“I will walk with you”  Thoughts on ‘Kusindikiza’




Africans understand the art of encouragement.  As he holds my hand, my South Sudanese friend Michael Wango walks me through his village of Jombu.


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“I will walk with you”  Thoughts on kusindikiza


Takeaway: there are so many simple acts of grace we can show others. It’s called common courtesy.



Pronounced “ku-sin-di-kiza.”

It’s a Swahili term I have yet to find a comparable English term.

Google Translate gives “To escort” as the English translation for kusindikiza.

“Escort” is a weak sister to the Swahili term.  English fails to catch the African nuance.

The best translation of kusindikiza is “I will walk with you.”

It’s a rich term that plays out in African culture:

When you visit the home of an African, they will accompany you all the way from their gate to your home.

I will walk with you.  kusindikiza

Despite the distance or weather, your host will walk with you.

Despite Distance

Despite Darkness

Despite Rain

Despite the reasonable fear of a black mamba along the unlit path.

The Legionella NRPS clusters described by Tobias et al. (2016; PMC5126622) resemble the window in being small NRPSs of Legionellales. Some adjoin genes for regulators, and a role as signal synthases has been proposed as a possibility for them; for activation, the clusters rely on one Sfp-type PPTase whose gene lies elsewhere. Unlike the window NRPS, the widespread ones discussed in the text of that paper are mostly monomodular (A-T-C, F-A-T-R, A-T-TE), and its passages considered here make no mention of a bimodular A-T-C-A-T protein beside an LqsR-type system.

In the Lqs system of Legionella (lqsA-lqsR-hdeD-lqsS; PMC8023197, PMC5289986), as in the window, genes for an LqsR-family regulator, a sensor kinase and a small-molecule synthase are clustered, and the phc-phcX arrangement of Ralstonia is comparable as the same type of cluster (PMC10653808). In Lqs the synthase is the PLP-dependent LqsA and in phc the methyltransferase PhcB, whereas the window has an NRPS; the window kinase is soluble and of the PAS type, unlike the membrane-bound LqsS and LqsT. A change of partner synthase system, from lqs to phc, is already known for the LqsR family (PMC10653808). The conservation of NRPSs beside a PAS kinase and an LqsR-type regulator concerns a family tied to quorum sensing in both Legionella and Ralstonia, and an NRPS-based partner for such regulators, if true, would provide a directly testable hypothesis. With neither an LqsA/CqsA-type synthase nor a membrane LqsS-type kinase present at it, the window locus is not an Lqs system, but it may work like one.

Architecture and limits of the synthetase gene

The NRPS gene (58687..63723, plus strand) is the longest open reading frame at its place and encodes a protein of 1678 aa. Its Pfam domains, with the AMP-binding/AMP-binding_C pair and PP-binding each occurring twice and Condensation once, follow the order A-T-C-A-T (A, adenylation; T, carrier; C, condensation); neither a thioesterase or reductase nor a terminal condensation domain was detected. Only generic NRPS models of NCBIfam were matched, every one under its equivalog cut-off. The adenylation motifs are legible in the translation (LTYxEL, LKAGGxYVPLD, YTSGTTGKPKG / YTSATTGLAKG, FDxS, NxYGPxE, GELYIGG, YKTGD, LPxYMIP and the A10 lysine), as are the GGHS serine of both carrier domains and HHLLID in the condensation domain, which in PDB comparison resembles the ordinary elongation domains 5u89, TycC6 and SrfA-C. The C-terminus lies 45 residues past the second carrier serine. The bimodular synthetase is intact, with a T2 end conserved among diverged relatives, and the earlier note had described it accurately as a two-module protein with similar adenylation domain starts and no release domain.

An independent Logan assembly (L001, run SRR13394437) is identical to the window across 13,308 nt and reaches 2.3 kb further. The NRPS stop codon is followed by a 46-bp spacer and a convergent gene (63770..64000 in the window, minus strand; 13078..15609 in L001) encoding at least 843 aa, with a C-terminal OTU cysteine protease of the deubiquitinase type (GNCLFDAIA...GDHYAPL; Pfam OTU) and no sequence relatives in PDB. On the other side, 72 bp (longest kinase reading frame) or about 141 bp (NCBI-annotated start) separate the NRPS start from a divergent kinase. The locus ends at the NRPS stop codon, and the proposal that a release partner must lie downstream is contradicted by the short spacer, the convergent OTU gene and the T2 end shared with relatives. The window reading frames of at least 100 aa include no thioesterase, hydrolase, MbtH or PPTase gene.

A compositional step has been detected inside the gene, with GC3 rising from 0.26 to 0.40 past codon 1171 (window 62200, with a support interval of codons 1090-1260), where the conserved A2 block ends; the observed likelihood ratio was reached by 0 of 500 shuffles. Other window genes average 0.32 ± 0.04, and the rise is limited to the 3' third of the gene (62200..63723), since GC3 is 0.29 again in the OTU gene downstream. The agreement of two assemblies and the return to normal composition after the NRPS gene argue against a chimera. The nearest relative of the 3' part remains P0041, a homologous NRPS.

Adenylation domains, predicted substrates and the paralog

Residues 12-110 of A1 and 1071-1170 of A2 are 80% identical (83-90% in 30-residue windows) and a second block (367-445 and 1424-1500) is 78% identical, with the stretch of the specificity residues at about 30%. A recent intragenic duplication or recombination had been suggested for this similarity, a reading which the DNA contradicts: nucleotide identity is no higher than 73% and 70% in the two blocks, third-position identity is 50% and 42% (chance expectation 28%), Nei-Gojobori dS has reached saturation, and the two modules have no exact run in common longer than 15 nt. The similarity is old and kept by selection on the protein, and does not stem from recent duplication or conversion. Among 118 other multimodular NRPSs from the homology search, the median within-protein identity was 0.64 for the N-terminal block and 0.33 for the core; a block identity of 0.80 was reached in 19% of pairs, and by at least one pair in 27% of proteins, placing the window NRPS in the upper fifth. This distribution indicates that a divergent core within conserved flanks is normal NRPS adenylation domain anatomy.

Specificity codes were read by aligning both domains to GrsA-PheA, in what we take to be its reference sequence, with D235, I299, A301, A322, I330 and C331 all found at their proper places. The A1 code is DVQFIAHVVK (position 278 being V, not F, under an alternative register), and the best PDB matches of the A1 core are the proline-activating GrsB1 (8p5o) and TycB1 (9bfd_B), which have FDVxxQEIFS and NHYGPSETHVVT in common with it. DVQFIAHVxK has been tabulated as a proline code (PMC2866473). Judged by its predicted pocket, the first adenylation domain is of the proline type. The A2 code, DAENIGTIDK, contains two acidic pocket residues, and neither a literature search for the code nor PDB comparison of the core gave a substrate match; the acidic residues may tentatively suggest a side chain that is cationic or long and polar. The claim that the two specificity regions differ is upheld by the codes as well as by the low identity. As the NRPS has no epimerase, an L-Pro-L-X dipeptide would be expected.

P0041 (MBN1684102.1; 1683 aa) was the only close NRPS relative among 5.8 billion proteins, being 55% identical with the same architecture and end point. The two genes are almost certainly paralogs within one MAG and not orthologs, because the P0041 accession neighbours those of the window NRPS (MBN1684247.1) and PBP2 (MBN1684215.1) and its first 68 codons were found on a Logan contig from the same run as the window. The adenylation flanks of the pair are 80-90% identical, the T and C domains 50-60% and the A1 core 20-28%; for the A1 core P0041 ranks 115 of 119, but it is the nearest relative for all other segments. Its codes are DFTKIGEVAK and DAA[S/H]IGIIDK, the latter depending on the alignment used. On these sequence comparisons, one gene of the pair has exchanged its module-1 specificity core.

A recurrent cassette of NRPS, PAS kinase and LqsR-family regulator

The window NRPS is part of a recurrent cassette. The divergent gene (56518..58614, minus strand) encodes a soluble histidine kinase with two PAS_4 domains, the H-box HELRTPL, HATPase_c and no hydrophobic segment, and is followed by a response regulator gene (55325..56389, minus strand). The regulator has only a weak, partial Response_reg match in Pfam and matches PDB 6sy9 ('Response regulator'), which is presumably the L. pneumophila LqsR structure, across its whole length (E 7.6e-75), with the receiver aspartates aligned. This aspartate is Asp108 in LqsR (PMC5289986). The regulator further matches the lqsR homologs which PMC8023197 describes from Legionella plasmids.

“I will walk with you.”

Not ahead nor behind.

Beside you.

I will walk beside you.

I like the way that sounds beside you.

I won’t trail behind, nor will I scamper ahead.

I’ll walk beside you. You can depend on that.

It’s how I visualize my Jesus. He’s walked beside me through the thick and thin, highs and lows

of my life-journey.

I will walk with you.


*  *  *

I learned early on that my African host would often grab my hand as we strolled home.

It’s a unique  African way of showing connection.

As in, we are connected as friends.

Once I finally became comfortable holding another man’s hand in public, I realized what an honor it was.

Without words, he was saying, “Our hearts are connected.”

*  *  *

I related to Joseph an African friend,  about the absence of kusindikiza in America.

I told him, “We Americans leave our guests at our door and quickly lock it behind them. Then as soon as they pull out of the driveway,  we flip the porch light off.”

Joseph shook his head, “That is so sad, Mzee. That is so sad.”

*  *  *

Since returning from Africa, I’ve tried to adjust kusindikiza into my American lifestyle.

I escort each guest to their vehicle, wishing them a warm farewell, and wave as they drive off.

I stand outside until their taillights disappear,

then I turn, go inside,  lock the front door,  and turn off the porch light.

I think of my friend Ugandan friend Joseph. I believe he would be pleased with my American attempt at sindikiza.

It’s a good word to put in your pack.


Kusindikiza It’s s good word. Try it at home.


Takeaway: there are so many simple acts of grace we can show others. It’s called common courtesy.

As they say in Africa, Kwaheri

That’s goodbye.

See you soon on the Creekbank Blog.



DeDe and Abby J. at a tukul (hut) in South Sudan
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